Securing a roster spot on an NBA team is a little like winning the lottery. Only three percent of high school basketball players will play in the NCAA, and only 1.2% of that three percent make it to the NBA. Put another way, just three out of 10,000 male high school basketball players will eventually have their names called during the NBA Draft. Jimmer Fredette was one of those lucky few.
Fredette was selected by the Sacramento Kings with the 10th pick of the 2011 draft, and subsequently traded to the Sacramento Kings. He averaged almost 20 minutes a game his rookie season, but didn’t have the impact the team had hoped for and his time on the court diminished. After bouncing between several teams, he got sent down to the NBA Development League.
In 2011, Fredette’s seemingly unlimited shooting range was the toast of the sports world. As a senior, he led the NCAA in scoring, averaging 28.9 points per game with the Brigham Young University Cougars. At the end of the season, he was named National Player of the Year, and added the Wooden Award, Naismith Award, Adolph Rupp Trophy and Oscar Robertson Trophy to his hardware collection.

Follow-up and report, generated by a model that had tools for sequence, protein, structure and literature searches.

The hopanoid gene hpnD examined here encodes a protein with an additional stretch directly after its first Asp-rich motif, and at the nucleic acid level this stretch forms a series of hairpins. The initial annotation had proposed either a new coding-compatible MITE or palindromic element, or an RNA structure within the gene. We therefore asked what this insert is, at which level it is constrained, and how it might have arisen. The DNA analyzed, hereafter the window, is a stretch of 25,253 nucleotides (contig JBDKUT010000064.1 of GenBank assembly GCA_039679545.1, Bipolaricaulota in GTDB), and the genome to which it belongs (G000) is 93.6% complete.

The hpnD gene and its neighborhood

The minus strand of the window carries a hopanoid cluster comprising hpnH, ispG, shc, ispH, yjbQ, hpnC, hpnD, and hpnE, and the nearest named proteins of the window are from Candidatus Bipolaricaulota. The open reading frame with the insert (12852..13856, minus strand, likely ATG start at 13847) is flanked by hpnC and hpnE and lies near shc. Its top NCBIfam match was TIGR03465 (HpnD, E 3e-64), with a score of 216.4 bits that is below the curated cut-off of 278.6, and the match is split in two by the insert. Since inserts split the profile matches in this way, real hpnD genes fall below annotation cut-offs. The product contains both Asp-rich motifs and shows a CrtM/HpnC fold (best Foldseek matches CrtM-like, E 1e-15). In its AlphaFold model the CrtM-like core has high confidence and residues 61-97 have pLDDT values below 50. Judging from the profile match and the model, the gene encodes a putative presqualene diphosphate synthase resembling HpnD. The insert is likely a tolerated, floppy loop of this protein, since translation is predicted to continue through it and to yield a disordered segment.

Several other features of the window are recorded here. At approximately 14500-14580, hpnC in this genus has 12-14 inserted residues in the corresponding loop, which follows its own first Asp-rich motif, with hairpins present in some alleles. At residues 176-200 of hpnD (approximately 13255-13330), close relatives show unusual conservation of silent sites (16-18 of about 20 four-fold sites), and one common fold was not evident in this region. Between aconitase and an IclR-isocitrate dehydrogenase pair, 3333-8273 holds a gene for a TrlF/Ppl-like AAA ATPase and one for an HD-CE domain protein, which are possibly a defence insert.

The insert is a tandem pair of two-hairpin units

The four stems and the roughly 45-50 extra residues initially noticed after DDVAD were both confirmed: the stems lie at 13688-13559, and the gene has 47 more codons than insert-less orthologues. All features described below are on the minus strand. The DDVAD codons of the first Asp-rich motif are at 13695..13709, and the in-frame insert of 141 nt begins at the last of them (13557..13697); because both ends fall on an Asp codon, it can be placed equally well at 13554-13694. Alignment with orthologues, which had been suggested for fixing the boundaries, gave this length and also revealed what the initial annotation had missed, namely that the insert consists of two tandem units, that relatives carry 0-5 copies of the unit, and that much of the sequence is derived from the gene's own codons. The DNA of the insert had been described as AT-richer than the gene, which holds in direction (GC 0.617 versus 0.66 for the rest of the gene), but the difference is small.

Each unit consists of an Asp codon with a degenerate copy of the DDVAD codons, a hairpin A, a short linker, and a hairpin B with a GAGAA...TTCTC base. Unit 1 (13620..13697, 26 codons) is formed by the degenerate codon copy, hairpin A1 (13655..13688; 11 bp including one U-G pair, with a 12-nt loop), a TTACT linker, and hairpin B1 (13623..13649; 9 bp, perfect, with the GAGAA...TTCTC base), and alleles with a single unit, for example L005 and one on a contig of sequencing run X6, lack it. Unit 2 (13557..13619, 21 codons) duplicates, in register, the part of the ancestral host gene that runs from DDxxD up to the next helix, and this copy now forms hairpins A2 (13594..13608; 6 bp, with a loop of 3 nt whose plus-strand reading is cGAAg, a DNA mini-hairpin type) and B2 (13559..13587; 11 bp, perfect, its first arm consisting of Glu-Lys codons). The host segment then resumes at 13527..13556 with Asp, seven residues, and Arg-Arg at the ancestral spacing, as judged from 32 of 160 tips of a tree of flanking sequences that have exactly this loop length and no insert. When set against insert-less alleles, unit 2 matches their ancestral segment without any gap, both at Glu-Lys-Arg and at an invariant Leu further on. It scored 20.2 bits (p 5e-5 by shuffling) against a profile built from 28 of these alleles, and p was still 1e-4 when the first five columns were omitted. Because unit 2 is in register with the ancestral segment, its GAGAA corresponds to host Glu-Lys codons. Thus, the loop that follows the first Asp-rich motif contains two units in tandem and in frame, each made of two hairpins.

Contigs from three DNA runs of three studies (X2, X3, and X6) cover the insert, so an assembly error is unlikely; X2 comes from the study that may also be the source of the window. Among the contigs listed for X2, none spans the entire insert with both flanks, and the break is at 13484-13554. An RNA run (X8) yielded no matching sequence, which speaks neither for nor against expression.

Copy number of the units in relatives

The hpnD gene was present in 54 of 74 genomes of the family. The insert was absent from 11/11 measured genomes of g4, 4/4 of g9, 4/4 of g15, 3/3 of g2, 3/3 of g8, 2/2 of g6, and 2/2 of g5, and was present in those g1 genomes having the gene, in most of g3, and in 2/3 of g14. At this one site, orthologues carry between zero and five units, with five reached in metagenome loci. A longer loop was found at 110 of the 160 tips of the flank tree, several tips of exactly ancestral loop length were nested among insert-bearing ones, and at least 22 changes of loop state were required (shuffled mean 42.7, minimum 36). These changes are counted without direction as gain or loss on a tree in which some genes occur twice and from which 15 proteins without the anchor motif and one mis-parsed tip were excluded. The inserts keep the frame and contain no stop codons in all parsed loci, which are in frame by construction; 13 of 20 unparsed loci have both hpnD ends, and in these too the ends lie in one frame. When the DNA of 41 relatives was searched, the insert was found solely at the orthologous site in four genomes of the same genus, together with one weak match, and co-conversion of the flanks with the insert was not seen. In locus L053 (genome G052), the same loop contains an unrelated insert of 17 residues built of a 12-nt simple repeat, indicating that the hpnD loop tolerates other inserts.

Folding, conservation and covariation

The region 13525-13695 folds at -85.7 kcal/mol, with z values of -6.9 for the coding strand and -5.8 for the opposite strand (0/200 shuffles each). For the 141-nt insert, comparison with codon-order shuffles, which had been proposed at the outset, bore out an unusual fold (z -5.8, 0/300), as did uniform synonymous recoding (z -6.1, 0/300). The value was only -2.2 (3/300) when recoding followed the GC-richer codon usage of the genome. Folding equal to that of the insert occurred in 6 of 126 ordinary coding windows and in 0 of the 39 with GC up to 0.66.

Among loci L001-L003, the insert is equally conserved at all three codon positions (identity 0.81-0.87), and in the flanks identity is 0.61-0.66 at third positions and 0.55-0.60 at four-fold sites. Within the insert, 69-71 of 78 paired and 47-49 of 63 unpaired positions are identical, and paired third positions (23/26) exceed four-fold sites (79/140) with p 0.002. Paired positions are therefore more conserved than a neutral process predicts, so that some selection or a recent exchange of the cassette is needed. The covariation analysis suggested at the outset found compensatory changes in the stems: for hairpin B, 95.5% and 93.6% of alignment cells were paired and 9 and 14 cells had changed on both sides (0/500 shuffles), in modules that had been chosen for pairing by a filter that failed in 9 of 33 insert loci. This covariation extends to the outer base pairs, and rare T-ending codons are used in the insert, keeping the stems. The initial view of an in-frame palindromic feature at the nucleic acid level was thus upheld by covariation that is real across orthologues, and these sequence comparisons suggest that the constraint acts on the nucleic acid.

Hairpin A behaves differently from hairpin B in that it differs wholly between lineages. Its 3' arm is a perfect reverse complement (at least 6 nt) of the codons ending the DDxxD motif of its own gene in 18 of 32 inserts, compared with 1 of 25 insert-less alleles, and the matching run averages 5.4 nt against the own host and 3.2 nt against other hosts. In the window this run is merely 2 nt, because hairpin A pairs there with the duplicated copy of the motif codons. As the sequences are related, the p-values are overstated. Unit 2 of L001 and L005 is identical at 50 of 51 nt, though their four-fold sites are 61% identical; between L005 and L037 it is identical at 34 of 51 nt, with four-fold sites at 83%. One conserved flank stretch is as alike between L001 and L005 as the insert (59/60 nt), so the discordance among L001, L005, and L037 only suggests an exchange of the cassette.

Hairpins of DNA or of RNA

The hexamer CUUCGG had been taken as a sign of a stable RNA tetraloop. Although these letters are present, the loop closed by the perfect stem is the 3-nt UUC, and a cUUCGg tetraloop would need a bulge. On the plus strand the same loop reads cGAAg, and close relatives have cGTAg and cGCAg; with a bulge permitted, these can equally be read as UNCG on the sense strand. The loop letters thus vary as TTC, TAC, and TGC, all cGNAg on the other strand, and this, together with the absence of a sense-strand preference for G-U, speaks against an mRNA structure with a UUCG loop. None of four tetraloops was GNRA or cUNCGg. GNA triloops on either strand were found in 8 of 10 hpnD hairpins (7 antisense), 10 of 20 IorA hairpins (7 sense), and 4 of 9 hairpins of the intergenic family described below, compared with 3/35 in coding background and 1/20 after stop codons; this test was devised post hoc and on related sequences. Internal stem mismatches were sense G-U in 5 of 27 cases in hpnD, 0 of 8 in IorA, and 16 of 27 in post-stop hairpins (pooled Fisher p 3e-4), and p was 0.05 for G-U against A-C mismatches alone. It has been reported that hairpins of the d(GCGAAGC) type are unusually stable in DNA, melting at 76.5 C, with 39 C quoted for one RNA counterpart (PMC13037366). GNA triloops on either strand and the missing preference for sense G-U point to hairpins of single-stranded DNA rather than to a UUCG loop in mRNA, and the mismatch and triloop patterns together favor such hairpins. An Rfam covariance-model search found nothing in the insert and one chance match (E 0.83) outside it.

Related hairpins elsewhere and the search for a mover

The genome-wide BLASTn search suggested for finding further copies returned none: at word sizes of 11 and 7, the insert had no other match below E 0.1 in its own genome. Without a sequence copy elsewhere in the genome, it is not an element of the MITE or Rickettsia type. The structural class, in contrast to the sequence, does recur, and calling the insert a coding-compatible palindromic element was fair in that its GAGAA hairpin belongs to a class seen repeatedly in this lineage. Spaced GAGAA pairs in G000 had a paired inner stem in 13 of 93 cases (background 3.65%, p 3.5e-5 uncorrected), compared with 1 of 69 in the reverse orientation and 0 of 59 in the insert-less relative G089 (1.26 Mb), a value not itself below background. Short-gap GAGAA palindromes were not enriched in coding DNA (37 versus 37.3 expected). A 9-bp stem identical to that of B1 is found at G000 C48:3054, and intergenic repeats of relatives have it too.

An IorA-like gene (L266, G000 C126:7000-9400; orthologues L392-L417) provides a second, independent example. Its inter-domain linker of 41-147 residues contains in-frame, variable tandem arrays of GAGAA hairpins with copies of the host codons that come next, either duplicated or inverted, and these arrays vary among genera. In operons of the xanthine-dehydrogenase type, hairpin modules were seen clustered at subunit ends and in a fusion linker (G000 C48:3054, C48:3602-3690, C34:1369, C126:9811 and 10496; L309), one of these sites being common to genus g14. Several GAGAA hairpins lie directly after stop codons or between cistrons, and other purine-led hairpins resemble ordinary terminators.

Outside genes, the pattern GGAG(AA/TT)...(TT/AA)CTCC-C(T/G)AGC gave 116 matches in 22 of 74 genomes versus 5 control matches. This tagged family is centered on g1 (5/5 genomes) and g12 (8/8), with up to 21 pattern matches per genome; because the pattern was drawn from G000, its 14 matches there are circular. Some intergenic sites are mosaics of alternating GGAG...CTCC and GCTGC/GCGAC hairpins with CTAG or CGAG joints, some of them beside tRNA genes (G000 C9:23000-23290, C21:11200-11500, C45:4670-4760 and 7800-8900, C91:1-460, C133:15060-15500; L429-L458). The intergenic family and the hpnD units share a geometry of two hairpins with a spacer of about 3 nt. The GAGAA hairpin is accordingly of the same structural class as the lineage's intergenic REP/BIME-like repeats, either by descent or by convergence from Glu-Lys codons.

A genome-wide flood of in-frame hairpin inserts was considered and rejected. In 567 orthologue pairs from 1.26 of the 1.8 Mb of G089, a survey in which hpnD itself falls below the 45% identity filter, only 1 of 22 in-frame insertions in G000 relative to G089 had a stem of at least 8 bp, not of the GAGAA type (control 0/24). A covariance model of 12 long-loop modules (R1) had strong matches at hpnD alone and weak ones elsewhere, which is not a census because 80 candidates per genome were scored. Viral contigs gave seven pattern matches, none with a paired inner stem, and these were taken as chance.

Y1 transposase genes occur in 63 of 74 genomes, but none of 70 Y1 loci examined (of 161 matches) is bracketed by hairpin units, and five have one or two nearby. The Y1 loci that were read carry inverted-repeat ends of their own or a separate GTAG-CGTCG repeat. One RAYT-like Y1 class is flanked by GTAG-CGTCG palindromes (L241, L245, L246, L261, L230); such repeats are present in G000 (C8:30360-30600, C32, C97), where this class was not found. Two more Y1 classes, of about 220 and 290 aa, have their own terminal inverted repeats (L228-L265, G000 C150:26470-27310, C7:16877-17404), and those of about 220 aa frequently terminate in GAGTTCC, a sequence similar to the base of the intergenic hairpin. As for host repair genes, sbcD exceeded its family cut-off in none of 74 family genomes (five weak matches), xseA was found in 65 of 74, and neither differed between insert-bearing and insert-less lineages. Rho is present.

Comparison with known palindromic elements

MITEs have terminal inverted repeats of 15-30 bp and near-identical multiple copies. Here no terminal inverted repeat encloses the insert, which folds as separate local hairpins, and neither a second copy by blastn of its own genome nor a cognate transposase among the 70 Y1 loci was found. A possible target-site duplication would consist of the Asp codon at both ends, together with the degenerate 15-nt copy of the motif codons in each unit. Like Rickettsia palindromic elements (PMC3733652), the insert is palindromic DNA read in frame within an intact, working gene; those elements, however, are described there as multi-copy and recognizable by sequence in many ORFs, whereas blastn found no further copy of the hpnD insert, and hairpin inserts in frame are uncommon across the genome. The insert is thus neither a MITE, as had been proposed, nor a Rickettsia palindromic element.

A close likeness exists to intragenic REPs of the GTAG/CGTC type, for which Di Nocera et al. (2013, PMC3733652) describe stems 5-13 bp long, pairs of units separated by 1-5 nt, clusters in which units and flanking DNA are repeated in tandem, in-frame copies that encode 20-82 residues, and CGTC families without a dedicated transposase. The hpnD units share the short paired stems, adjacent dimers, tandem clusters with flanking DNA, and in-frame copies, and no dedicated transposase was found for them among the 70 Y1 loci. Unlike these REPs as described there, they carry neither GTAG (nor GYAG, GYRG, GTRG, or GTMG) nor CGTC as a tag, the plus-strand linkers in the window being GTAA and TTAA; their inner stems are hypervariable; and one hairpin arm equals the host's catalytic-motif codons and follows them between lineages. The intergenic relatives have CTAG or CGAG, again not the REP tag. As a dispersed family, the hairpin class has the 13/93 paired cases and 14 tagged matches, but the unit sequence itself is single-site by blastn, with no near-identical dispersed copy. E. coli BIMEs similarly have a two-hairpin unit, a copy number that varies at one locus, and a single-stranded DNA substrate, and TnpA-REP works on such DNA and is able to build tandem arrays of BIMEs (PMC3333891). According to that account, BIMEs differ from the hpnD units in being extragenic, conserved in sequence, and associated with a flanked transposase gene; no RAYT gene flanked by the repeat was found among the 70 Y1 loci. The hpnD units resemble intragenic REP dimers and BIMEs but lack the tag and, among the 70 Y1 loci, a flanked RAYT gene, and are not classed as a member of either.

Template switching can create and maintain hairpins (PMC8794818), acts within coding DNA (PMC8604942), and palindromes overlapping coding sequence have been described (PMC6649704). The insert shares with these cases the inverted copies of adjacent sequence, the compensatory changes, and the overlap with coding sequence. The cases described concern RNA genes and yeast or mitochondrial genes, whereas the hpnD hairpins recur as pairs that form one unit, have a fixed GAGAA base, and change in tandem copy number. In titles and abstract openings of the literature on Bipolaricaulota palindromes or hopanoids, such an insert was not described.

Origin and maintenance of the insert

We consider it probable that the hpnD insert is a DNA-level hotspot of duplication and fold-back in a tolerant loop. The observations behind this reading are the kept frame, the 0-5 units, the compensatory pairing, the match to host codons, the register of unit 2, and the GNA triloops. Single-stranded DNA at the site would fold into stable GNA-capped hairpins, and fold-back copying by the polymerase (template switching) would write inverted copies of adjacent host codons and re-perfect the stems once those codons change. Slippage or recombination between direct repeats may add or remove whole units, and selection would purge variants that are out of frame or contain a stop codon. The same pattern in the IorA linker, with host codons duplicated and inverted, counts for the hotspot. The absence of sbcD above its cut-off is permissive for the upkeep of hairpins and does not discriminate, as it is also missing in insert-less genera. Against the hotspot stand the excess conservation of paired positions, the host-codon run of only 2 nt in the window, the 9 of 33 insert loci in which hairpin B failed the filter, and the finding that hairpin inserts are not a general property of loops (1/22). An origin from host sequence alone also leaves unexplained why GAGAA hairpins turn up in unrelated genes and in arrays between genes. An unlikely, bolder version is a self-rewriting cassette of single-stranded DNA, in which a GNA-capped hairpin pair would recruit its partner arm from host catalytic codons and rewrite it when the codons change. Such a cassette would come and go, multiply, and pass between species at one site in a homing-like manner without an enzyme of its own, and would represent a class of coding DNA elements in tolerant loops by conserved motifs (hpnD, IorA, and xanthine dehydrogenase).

Fredette capped his dream year off in true Big Man on Campus fashion, by marrying Whitney, a BYU cheerleader and fellow Morman.
Fredette didn’t let his demotion to the D-League dent his offensive game. In his debut with the Westchester Knicks, the six-foot-two guard scored 37 points on 12-17 shooting and dished out eight assists.
Earlier this month, Fredette led the East All-Star team to a 128–124 win over the West. He was awarded the All-Star Game MVP trophy after recording 35 points, 6 rebounds, 8 assists and one steal in 25 minutes.
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Fredette’s D-League heroics earned him a 10-day contract with the New York Knicks and in his first game back on the big stage he hit his only shot — a three-pointer. Will the Big Apple be Jimmered? Stay tuned…